Editor’s Choice, Orchestral – September 2015

Prokofiev’s ‘First’ Cello Concerto in E Minor, Op. 58 had a troubled existence and found little favour with the public. It was not until an encounter with Mstislav Rostropovich that it was successfully performed. However, Prokofiev had developed doubts about its form and asked Rostropovich to help restructure it. The result was the so-called Sinfonia Concertante, Op. 125, a vastly different work, which came in time to entirely eclipse its predecessor. Neither work shows Prokofiev at his creative zenith: the Op. 125 is bizarre and rambling in parts and has never become a repertoire staple.

Steven Isserlis has been one of the world’s leading cellists for a generation and seems artistically incapable of playing a dud note, let alone giving a dud performance, but, when I read one reviewer’s cynical comment on a live Isserlis performance of the original Op. 58 (that it was what you exhumed when you’d recorded just about everything else in the cello repertoire), I instinctively agreed.

“Isserlis seems incapable of playing a dud note, let alone giving a dud performance”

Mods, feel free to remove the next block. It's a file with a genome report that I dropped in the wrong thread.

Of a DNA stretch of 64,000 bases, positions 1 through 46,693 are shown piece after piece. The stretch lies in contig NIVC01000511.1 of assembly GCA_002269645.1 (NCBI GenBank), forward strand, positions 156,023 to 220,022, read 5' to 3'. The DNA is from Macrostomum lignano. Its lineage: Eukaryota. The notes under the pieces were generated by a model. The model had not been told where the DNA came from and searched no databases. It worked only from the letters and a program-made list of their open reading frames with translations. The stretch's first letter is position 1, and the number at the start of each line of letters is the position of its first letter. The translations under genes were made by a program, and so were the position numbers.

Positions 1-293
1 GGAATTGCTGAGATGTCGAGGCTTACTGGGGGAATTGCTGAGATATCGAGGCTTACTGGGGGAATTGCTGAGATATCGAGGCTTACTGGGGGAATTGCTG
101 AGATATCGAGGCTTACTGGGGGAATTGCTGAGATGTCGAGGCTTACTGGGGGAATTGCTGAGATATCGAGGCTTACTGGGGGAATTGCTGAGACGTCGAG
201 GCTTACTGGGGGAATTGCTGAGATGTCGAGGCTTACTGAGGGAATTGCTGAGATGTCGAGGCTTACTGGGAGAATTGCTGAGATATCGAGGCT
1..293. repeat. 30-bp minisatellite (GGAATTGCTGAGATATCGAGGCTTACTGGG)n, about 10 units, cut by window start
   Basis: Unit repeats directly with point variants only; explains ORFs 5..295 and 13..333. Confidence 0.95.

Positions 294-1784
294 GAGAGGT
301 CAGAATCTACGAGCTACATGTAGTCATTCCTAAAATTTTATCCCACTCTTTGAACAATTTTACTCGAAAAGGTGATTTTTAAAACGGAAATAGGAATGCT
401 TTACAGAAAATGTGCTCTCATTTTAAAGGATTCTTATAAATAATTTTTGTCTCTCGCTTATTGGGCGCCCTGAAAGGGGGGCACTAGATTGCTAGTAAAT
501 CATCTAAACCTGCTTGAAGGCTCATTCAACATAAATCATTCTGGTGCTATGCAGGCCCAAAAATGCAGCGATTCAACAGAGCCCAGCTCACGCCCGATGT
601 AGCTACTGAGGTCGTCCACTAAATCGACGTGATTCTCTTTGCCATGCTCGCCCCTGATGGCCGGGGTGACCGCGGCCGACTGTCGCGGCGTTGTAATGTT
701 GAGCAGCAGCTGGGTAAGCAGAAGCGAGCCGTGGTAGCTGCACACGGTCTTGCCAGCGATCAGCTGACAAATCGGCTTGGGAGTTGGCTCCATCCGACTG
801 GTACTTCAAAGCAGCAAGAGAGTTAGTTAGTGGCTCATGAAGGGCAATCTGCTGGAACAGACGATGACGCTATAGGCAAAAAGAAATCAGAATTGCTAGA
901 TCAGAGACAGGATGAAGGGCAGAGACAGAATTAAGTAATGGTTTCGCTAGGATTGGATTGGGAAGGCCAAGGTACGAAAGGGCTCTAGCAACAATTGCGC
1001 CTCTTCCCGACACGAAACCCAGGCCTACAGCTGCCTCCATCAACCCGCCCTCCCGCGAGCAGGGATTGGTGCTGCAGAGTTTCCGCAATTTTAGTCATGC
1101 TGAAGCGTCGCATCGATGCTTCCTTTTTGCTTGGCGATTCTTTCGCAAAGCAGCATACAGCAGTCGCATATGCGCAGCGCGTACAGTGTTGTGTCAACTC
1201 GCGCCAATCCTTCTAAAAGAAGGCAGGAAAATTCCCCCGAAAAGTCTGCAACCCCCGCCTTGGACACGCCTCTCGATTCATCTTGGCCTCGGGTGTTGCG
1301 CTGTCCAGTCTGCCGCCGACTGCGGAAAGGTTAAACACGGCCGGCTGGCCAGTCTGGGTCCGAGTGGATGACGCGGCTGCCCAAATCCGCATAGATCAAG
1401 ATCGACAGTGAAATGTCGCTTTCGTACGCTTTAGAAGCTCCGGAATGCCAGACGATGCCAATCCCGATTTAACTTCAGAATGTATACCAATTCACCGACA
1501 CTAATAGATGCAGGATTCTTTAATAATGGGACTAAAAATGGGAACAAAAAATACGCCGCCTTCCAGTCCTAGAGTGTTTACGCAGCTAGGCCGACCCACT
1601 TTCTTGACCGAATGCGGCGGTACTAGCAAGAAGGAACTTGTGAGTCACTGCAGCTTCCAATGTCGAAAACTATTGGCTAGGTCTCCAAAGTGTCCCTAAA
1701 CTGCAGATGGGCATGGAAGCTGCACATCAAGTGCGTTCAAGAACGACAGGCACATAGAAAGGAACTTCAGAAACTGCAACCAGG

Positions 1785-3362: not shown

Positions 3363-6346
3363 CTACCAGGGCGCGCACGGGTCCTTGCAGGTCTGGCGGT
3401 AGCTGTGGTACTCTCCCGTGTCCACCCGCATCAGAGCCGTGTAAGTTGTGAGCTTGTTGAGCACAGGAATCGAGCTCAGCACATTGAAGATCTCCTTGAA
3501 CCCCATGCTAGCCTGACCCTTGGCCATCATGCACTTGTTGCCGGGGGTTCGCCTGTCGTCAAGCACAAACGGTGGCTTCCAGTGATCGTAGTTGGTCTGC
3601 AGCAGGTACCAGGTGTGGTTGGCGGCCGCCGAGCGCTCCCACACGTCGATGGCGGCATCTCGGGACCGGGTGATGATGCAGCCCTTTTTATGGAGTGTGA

Isserlis’s liner notes are persuasively eloquent, and although they still have a whiff of special pleading, his sheer panache never diminishes the ruggedness and cartoonish gallows humour of this oddity. He also sounds as though he’s having the fun of Cork.

As he points out, the final movement is as long as the first two combined and contains its own structure of opening, slow section, scherzo and finale, but the work as a whole conveys the feeling of a malevolent overshadowing presence. It manages to convey menace as effectively as Shostakovich, who cited the Sinfonia Concertante as the inspiration for his own much better known First Cello Concerto. (Isserlis wonders whether he was aware of the original piece’s existence.) 

These two works are ideal companions. Here, Isserlis conveys the tension and neurasthenic anxiety of the outer movements as graphically as anyone (except perhaps Rostropovich in the famous recording with Ormandy), and is truly heroic and eloquent in the cadenza. If I had to single out one moment among a myriad felicities in the Shostakovich, there is one passage in the second movement where a spectral waltz floats across the soundscape with dancing ghosts, which I have never heard to such eerily magical effect.

Paavo Järvi and his Frankfurt Radio Symphony (making their Hyperion debut) are on top of their game and the sound is excellent. I’d urge everyone to explore this CD.

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